Wikileaks docs cite our work and shed light on Big Pharma & U.S. government team-up in other countries
Among the mother load of Wikileaks documents the media and various government officials are still sorting through are cables citing Public Citizen’s Peter Maybarduk and the work he does fighting Big Pharma in an attempt to get those in need access to critical lifesaving medicines.
Recently analyzed Wikileaks cables revealed, among other things, that U.S. Embassy officials met repeatedly with multinational pharmaceutical companies, and separately met some of the companies’ “well-placed contacts” in “potentially sympathetic ministries.” The companies, their government contacts, and Embassy officials shared strategies to prevent or limit Ecuador’s use of compulsory licensing.
One of these well-placed contacts, Ecuador’s former Minister of Health – who has since been replaced – reportedly assured multinational pharmaceutical companies that her office was investigating the business dealings of local medicine suppliers, with the explicit objective of “gain[ing] some leverage.”
The Ministry also reportedly raised a criticism that generics sold under compulsory license might not contain active ingredients. But this confuses patent licensing with the separate and independent drug regulatory approval process. Compulsory licensing of patents does not, on its own, authorize the sale of any medicine – only the use of the patents. Typically, and in Ecuador, a separate agency regulates medicines and determines which are safe for consumers. A product benefiting from a compulsory license must, like other medicines, still obtain the approval of INH, Ecuador’s regulatory agency.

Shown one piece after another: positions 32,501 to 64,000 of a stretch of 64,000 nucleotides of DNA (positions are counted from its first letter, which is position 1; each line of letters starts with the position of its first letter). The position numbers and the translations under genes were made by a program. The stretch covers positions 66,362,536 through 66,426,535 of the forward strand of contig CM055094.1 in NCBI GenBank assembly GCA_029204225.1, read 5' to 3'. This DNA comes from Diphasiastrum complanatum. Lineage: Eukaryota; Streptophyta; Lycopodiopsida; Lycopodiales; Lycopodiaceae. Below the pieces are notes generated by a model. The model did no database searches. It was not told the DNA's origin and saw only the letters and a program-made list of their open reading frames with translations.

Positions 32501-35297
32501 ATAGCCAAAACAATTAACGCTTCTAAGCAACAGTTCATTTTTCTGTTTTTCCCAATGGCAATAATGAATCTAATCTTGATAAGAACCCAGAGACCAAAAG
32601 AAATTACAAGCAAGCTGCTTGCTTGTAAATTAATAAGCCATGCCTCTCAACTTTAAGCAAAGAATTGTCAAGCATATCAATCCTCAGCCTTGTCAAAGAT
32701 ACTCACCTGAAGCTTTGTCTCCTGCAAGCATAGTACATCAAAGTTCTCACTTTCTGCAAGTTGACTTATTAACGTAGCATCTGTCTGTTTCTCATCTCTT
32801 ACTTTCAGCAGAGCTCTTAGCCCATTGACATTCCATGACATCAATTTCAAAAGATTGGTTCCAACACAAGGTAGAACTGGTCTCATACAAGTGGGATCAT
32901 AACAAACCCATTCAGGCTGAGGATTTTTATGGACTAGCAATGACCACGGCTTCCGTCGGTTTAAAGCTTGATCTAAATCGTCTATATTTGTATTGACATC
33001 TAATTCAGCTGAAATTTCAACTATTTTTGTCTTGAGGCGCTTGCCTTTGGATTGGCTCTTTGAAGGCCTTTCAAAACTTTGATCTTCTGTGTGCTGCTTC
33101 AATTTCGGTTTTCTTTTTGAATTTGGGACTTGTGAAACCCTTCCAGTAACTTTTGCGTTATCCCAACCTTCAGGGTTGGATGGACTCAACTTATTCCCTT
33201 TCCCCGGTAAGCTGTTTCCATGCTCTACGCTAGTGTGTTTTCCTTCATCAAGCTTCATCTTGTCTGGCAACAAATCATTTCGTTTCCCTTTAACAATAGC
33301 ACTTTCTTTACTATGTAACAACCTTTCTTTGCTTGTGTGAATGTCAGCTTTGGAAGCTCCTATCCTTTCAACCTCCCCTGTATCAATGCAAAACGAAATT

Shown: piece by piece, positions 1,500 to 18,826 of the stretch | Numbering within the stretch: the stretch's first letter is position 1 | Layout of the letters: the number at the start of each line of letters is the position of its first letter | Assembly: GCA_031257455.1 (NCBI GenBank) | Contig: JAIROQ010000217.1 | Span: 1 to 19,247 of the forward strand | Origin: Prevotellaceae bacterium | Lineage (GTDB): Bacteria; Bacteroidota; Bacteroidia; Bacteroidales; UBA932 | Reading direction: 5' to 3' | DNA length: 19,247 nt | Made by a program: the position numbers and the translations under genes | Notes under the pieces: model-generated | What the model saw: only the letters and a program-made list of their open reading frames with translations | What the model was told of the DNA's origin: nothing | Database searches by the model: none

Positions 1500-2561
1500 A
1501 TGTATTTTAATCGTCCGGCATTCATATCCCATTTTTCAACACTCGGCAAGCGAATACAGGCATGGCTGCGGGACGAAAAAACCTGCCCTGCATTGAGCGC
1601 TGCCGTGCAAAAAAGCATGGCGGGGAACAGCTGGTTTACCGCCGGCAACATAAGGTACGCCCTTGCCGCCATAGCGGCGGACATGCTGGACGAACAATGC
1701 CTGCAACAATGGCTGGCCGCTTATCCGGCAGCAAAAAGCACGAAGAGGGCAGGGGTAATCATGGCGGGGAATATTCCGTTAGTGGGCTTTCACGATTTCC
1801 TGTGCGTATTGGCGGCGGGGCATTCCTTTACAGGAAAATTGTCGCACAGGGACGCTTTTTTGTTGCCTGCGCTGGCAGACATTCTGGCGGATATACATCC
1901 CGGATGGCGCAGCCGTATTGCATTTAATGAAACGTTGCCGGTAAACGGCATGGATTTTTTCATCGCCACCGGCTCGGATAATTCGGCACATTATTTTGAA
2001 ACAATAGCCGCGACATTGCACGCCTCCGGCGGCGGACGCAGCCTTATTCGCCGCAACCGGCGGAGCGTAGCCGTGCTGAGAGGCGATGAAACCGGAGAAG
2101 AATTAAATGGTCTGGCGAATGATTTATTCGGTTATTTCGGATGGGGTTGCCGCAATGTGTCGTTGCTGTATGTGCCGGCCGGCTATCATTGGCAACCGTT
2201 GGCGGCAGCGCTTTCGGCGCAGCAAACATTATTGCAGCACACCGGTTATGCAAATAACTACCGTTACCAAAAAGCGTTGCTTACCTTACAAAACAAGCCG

The cables betray a strong U.S. Embassy bias against compulsory licensing, and damage the credibility of assurances offered elsewhere that the United States supports the use of TRIPS Trade Related Aspects of Intellectual Property Rights (TRIPS) flexibilities to promote public health
In spite of efforts to undermine Ecuador’s access protocol, Ecuador issued its first compulsory license in April 2010, enabling generic imports of the HIV/AIDS drug ritonavir. IFI, the association of multinational pharmaceutical companies operating in Ecuador, issued a statement “democratically accepting” President Correa’s decision. The United States has refrained from public criticism.
Ecuador’s access to medicines and compulsory licensing protocol remains in place.
The complete leaked cables follow. The cables are dated October 13 and 21 of 2009 and February 10 of 2010, and were recently published in Ecuador’s El Universo newspaper. (Note: also included is a relevant excerpt from a cable sent October 29, 2009.)
The cables include some misinterpretations of law, precedent, and Ecuador’s licensing protocol, and should not be considered source documents for technical analysis of these subjects. Source documents are available on the website of Ecuador’s intellectual property office, IEPI, or by following the links here.
Public Citizen’s global access to medicines program (formerly with Essential Action) has provided technical assistance to the government of Ecuador since 2007.
Links to cables:
Learn more Peter Maybarduk’s access to medicines work and check out what he does when he is not pulling twelve hour days in the public interest.